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Posts Tagged ‘citizen scientists’

That revolutionary rascal, Benjamin Franklin, is the most recognizable “citizen scientist”; someone who volunteers his or her time in the IMG_2400pursuit/study of science, often assisting professional scientists with day-to-day observances. A citizen scientist may gather data, monitor bees or dragonflies, note migration patterns of birds bats, chase tornadoes or measure water depth, reporting to a specific site or merely taking a photo and recording where they saw in a journal. We know a great deal about climate year’s ago from the daily weather journals farmers recorded.

If you have been tagging Monarch butterflies for Monarch Watch or photographing bees for university extensive services, you are a citizen scientist. Even if you are posting a slow moving turtle on Facebook, you are such a scientist.

Last week, while our Minnesota branch of the family tree was visiting, I noticed a caterpillar on the meadow rue during my early morning walk. I believe it to be a Tiger Swallowtail as they have chosen this plant to eat and grow in the past. You might imagine my glee at this discovery, for these little occurrences in life are really rather grand for me.

I hurried inside to announce my discovery, especially to our Keziah, who had already spent a considerable amount of time chasing after Monarchs and moths in our garden. We slipped on sandals and scurried out faster than a Beatrix Potter rabbit. Still in our pajamas, we snaked around the peony bush, tip toed through the ferns, the Echinacea and the brown-eyed Susans.

There it was, a very hungry caterpillar with yellow and black stripes, stripping a leaf in the slow and steady fashion of a caterpillar.

IMG_2330We talked and talked about caterpillars and cocoons and such, then I mentioned that we could watch this one while she was here. She was now a scientist. A citizen scientist, to be exact. We would watch the insect and I would take pictures and we would see what happens. Each morning, she queried “how are the caterpillars, Yia Yia?” and out we would go to check on their progress.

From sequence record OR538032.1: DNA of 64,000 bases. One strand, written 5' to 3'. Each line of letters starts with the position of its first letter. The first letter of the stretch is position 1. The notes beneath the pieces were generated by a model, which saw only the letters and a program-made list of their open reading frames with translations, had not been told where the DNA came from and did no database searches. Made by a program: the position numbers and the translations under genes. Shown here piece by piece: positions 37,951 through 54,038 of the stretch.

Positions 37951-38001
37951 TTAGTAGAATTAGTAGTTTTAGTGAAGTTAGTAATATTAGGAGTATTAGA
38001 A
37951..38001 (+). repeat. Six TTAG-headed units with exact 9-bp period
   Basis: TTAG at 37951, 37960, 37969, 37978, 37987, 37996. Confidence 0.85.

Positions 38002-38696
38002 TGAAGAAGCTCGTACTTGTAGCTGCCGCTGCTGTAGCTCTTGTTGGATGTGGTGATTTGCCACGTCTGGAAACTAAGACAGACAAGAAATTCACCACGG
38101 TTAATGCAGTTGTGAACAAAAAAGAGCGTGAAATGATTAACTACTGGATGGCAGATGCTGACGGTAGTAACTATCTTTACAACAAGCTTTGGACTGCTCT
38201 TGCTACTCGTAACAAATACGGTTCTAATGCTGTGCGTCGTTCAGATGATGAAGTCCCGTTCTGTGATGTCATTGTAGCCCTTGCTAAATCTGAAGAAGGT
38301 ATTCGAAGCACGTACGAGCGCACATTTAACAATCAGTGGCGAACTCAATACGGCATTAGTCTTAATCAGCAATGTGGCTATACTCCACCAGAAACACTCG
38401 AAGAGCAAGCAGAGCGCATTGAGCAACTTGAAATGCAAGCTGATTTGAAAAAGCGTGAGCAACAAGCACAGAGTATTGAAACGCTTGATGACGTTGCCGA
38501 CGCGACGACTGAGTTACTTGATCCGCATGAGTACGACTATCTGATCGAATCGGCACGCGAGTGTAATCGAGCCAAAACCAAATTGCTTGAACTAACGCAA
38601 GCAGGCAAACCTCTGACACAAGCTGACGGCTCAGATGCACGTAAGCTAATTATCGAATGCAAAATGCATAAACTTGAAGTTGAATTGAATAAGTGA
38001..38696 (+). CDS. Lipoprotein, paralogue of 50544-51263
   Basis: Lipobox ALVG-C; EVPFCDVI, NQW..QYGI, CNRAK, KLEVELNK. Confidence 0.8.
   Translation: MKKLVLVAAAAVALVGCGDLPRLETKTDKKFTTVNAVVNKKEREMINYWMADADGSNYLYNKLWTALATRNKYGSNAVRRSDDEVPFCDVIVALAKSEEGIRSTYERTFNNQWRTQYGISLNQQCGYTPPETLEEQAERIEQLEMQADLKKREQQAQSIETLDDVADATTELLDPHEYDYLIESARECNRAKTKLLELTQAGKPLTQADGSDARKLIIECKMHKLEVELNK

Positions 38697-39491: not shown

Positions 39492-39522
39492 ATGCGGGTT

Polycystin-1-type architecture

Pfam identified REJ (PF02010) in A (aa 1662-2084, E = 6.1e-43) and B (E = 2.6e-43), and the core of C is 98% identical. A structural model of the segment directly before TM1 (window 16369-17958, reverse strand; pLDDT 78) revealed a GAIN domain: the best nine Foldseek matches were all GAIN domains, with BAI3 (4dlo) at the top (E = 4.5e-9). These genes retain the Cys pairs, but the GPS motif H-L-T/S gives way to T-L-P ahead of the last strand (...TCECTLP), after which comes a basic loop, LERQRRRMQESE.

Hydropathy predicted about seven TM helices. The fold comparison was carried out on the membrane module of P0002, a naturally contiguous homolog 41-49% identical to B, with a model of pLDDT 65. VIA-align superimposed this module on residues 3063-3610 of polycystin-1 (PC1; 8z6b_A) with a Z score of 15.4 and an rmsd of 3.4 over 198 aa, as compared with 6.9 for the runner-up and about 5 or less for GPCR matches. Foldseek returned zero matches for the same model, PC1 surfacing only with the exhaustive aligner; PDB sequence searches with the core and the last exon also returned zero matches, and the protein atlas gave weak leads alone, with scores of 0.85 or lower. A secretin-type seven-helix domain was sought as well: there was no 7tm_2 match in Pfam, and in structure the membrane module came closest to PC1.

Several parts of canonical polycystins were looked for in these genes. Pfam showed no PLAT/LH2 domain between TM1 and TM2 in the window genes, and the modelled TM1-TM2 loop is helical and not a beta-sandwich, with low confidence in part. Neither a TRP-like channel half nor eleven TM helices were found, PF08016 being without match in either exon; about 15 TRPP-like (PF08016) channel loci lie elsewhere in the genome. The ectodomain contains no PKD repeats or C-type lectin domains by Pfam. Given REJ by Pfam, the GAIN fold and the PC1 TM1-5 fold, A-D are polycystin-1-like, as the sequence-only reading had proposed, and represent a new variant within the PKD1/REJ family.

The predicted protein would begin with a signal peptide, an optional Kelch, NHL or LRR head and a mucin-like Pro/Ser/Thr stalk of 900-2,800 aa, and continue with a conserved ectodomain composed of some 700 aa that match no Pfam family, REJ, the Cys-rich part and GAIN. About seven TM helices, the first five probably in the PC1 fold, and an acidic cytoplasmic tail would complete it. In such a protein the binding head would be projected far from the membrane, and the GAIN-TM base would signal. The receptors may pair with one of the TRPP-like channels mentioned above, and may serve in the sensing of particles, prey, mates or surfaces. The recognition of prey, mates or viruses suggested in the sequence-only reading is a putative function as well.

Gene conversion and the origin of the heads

Kezzie was excited to receive such a distinction. Such things are important to children employed in the occupation of learning about life. Papa showed her how to use his magnifying glass and, as the days wore on as August days do, she and I frequented the meadow rue. We found a second, then a third caterpillar, which allowed us to observe how much and how fast a caterpillar grows and eats and to see them in a few different sizes. I made a promise that I would take more photos to share with her, and so I have.

It is such grand fun to experience nature with children and to see such things as caterpillars inch along from a child’s point of view. For your own point of view, remember to click onto the photos to see the caterpillar a little better.

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DSCN1707I’ve mentioned Jane and Pat before. They are at times referred to as our butterfly ladies for all their efforts in saving and tracking the beautiful monarchs and all the butterfly gardens they have certified. They have gently pushed our members to plant native species, prodded us to compost, and encouraged us to recycle those used coffee grounds into our soil. They walk the talk, leading by their examples in how they live and how they garden – and they are always a source of knowledge and inspiration for me.